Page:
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Angioplasty Stent by Bruce Holliday (Tue May 25 09:35:02 +0100 2010)

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What Happens During Angioplasty?

First, a cardiac catheterization is performed during angioplasty. You will receive medication for relaxation, and then the doctor will numb the site with local anesthesia. Next, a sheath (a thin plastic tube) is inserted into an artery -- usually in your groin, but sometimes in the arm. A long, narrow, hollow tube, called a catheter, is passed through the sheath and guided up the blood vessel to the arteries surrounding the heart. A small amount of contrast material is injected through the catheter and is photographed as it moves through the heart's chambers, valves, and major vessels. From the digital pictures of the contrast material, the doctors can tell whether the coronary arteries are narrowed and/or whether the heart valves are working correctly.


Once the catheter engages the artery with the blockage, the doctor will perform one of the interventional procedures described below.


The procedure usually lasts about 1 1/2 to 2 1/2 hours, but the preparation and recovery time add several hours. You may stay in the hospital overnight to be observed by the medical staff.


What Types of Interventional Procedures Are Used in Angioplasty?

There are several types of interventional procedures which your doctor may use when performing angioplasty. They include: Balloon angioplasty. During this procedure, a specially designed catheter with a small balloon tip is guided to the point of narrowing in the artery. Once in place, the balloon is inflated to compress the fatty matter into the artery wall and stretch the artery open to increase blood flow to the heart.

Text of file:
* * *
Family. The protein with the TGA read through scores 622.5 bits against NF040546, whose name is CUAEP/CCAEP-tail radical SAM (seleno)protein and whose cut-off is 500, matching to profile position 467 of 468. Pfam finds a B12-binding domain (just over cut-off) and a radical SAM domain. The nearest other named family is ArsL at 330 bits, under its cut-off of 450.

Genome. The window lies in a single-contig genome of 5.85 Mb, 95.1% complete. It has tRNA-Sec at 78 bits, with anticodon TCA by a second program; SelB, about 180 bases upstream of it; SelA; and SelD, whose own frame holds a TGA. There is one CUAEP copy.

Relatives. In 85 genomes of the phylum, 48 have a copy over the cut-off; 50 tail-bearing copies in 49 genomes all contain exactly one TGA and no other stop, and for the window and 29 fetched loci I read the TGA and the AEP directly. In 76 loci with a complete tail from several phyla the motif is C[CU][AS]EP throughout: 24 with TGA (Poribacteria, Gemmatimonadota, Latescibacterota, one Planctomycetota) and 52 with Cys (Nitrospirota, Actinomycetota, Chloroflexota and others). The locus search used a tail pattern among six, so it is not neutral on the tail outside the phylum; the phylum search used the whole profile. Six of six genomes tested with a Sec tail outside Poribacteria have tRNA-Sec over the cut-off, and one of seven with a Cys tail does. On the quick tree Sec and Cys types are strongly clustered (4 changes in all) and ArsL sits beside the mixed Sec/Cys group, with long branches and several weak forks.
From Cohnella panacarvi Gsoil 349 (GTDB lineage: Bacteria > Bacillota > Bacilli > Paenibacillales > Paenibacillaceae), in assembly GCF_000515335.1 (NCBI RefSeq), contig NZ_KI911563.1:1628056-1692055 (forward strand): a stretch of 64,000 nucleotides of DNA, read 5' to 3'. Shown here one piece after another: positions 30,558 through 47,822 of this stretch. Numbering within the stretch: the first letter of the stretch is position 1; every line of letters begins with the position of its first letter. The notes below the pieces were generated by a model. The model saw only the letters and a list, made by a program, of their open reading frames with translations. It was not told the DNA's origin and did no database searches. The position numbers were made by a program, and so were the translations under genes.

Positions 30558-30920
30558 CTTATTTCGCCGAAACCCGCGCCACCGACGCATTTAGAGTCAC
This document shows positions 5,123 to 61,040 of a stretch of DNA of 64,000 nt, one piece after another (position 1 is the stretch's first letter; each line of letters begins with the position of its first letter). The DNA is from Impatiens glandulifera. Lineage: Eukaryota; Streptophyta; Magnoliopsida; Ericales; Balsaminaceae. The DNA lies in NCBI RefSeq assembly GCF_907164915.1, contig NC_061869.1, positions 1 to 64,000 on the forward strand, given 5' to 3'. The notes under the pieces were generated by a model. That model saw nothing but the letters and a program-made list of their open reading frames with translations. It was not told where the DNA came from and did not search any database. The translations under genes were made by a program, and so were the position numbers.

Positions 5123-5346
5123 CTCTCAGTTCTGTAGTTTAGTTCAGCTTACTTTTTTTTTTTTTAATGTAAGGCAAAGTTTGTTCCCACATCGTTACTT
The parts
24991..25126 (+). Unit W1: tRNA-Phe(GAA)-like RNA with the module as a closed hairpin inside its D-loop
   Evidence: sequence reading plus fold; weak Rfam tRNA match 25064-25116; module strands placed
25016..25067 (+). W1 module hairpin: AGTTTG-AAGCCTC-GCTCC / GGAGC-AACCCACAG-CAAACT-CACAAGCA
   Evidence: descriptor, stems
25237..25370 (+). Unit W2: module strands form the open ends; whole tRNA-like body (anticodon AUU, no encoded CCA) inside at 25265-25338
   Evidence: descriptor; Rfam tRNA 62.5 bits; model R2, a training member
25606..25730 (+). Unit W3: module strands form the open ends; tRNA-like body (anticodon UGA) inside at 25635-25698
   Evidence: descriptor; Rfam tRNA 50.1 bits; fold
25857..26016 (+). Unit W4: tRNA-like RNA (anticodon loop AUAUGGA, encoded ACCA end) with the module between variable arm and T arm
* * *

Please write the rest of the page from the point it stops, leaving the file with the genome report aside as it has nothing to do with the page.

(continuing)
Stent. A stent is a small metal mesh tube that acts as a scaffold to provide support inside your coronary artery. A balloon catheter, placed over a guide wire, is used to insert the stent into the narrowed coronary artery. Once in place, the balloon tip is inflated and the stent expands to the size of the artery and holds it open. The balloon is then deflated and removed while the stent stays in place permanently. Over a several-week period, your artery heals around the stent. Stents are commonly placed during interventional procedures such as angioplasty to help keep the coronary artery open. Some stents contain medicine and are designed to reduce the risk of reblockage (restenosis). The doctor will determine if this type of stent is appropriate for your type of blockage.


Rotoblation. A special catheter, with an acorn-shaped, diamond-coated tip, is guided to the point of narrowing in your coronary artery. The tip spins around at a high speed and grinds away the plaque on your artery walls. The microscopic particles are washed safely away in your blood stream and filtered out by your liver and spleen. This process is repeated as needed to allow for better blood flow. This procedure is rarely used today because balloon angioplasty and stenting have much better results and are technically easier for the cardiologist to perform.


Atherectomy. The catheter used in this procedure has a hollow cylinder on the tip with an open window on one side and a balloon on the other. When the catheter is inserted into the narrowed artery, the balloon is inflated, pushing the window against the fatty matter. A blade (cutter) within the cylinder rotates and shaves off any fat that protruded into the window. The shavings are caught in a chamber within the catheter and removed. This process is repeated as needed to allow for better blood flow. Like rotoblation, this procedure is rarely used today.


Cutting Balloon. The cutting balloon catheter has a special balloon tip with small blades. When the balloon is inflated, the blades are activated. The small blades score the plaque, then the balloon compresses the fatty matter into the artery wall.

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